Broadband access in the United States is not universal, with a longtime digital divide between urban and rural areas.
But in one small town just four hours from Washington, D.C., there's no Wi-Fi internet service at all.
The town of Green Bank, West Virginia, is the site of the largest fully steerable radio telescope in the world, so Wi-Fi internet connections and anything else that can create electromagnetic waves, such as microwave ovens, are banned.
It becomes apparent in Green Bank that visitors have to navigate the old-fashioned way: by reading road signs. That's because GPS comes to a screeching halt as you approach this West Virginia town, which has two churches, an elementary school, a library and the world's largest radio telescope.
Sherry, who manages the largest store in Green Bank, was born here so the lack of internet access is normal for her.
"Yes, we are different. Many would say that we live the old-fashioned way, in the past. But for us, it's just the way of life that we have always lived," Sherry said.
On her store wall, an artifact from the past ... a phone attached to a wall jack ... the only way to call someone in Green Bank.
No modern wireless conveniences, such as smartphones, are usable here.
Green Bank is frozen in time, somewhere in the 1950s, because there's a 33,000-square-kilometer zone of silence due to the telescope. Cellphone towers are forbidden.
But that's OK for residents because there are several payphones.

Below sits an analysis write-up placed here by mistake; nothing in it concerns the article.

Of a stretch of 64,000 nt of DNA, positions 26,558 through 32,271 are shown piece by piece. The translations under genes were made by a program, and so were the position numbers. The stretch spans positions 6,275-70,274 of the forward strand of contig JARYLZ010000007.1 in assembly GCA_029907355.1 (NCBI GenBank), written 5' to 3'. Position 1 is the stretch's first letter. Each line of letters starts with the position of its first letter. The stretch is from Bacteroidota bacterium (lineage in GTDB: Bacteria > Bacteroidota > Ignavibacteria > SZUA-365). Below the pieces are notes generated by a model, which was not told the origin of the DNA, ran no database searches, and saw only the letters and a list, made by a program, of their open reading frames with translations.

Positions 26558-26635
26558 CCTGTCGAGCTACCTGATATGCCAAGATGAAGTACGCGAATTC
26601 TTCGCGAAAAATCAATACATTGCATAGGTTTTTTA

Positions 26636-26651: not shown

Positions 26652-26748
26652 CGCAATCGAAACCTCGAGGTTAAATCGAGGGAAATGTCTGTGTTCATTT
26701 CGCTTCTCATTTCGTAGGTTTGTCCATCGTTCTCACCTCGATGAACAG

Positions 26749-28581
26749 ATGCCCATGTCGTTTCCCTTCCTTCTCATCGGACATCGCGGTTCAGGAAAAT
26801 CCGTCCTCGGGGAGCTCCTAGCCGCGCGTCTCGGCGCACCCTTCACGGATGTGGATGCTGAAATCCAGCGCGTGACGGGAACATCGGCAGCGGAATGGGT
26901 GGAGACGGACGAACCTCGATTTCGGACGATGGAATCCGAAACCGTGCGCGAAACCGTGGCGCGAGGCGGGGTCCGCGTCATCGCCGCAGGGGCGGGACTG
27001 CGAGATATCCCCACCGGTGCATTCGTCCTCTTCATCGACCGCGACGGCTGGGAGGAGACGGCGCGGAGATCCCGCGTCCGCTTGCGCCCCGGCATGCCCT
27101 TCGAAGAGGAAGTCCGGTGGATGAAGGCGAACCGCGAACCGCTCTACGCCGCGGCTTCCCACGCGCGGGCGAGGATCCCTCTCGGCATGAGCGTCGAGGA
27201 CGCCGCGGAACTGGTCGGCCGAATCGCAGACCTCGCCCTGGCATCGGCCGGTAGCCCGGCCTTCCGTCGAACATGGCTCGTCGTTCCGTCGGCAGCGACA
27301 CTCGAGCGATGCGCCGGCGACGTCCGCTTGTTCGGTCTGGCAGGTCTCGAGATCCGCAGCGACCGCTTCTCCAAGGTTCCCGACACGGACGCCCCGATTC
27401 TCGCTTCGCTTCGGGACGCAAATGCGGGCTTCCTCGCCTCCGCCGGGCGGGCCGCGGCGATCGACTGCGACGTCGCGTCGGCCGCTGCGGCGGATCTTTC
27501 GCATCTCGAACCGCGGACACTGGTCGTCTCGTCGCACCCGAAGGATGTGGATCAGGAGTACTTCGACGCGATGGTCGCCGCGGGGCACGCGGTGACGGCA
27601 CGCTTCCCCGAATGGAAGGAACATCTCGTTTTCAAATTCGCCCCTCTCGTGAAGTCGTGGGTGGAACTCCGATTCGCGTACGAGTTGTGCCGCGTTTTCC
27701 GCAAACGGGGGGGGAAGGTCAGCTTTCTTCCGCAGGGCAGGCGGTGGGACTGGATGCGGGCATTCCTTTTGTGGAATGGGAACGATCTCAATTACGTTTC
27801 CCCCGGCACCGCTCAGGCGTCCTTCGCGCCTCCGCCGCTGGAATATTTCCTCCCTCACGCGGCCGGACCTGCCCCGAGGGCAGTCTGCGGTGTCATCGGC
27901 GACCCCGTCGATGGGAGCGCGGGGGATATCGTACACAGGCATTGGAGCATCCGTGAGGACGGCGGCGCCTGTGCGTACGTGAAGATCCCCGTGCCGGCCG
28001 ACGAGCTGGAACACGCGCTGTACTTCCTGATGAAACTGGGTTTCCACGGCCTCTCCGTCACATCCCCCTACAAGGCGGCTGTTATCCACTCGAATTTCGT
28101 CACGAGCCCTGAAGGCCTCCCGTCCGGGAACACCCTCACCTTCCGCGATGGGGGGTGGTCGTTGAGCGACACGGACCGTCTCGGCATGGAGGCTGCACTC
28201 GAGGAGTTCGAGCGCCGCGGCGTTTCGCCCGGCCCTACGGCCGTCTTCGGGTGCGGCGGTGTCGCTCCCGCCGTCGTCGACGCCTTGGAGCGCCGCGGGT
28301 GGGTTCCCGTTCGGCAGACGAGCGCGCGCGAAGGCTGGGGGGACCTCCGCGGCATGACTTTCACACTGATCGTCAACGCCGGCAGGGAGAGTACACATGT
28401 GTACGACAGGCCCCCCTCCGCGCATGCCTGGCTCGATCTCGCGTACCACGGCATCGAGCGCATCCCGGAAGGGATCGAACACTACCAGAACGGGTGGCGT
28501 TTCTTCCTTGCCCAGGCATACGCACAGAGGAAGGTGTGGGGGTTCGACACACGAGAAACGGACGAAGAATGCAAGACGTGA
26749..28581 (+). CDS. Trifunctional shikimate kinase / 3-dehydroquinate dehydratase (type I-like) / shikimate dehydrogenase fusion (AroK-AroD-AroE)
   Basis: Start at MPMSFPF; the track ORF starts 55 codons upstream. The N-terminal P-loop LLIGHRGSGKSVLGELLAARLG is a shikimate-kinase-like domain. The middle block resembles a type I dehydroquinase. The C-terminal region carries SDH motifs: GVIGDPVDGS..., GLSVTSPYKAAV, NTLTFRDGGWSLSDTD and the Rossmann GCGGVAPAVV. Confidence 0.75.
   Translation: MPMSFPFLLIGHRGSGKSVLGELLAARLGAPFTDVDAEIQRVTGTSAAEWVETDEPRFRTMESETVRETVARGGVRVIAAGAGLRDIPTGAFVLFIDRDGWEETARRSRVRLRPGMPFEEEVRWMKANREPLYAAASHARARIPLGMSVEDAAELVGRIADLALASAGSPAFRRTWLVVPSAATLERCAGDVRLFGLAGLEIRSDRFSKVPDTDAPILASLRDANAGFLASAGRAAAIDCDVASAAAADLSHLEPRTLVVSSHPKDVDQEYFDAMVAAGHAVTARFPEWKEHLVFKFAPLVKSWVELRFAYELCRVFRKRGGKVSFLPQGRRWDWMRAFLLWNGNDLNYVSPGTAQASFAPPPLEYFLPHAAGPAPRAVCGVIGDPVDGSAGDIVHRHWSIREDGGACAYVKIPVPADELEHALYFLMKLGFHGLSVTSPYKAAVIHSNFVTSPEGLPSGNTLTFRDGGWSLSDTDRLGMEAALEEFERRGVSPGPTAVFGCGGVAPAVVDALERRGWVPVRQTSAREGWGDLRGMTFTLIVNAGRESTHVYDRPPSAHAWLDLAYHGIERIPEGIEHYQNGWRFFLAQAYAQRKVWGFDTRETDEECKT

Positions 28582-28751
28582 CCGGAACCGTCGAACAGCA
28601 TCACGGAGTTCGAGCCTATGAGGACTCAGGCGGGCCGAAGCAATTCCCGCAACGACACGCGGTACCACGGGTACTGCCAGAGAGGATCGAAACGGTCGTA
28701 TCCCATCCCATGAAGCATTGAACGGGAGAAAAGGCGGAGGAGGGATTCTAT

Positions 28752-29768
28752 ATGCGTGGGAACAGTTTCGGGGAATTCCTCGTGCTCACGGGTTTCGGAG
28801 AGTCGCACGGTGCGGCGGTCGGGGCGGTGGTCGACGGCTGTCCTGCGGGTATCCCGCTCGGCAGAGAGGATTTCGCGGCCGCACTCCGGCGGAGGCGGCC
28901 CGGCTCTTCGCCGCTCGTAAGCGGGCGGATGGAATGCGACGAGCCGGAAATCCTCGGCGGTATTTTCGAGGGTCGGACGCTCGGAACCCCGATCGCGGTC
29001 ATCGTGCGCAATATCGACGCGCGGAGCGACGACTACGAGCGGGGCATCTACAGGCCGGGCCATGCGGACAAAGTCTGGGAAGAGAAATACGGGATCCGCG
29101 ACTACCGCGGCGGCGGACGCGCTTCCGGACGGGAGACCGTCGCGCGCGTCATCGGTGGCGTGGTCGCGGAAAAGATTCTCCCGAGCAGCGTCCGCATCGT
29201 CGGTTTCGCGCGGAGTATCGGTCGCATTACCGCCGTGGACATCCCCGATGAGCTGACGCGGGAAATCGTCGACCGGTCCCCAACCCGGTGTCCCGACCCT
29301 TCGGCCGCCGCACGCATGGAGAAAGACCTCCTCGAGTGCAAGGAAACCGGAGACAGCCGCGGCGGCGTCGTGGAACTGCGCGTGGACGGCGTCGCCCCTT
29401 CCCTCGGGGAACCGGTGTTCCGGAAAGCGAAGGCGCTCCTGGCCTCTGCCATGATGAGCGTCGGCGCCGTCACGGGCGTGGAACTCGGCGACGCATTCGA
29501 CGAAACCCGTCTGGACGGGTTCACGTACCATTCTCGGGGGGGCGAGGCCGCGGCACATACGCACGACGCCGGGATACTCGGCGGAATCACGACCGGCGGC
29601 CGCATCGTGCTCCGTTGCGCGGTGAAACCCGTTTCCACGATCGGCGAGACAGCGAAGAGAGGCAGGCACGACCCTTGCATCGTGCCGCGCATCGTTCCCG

The closer you get to the telescope, the greater the restrictions. There's a 16-kilometer radius around the Green Bank Observatory where radio-controlled items, even toys, cannot be used. Compliance with these conditions is strictly enforced.
Radio frequency technician Jonah Bauserman acts as the observatory's "technical" policeman. If he suspects there's an unauthorized signal, he drives to the house and inspects it for prohibited devices.
"This equipment allows me to catch even the weakest signals that could affect the telescope," Bauserman said.
Telescope employees even work in a special room -- much like a sarcophagus -- that blocks electromagnetic waves from leaving the interior.
"Here imagine a submarine, water cannot get inside, and so this room is an electric submarine. No electromagnetic waves can get into this room, just as you can't go beyond it," Michael Holstine, an observatory officer, said.
The job of these scientists is to minimize the impact of outside interference on the radio telescope.
Only once a week, when there's regularly scheduled maintenance, some prohibited devices are allowed near the telescope, Holstine said.
The size of a football field, the telescope is so sensitive it could pick up signals sent from an alien world. And scientists can't wait for that to happen.
"All the signals that we now receive with the help of telescopes are signals that come from cosmic objects -- stars, galaxies. We have not yet received anything from intelligent civilizations," scientist Richard Lynch said.
Local people respect the work of the scientists. And they are more than happy to live life Wi-Fi-free.
"When we want to meet friends, we just call each other on a wire phone. And instead of sitting in front of your screen, we talk, we go fishing, to the mountains," resident Sherry said.
For the latest news, residents read the weekly local newspaper. When she's looking for a phone number, Sherry reaches for the phone book.
And instead of Facebook, Sherry enjoys daily conversations with her customers. In this town, everyone knows each other and communication is face to face.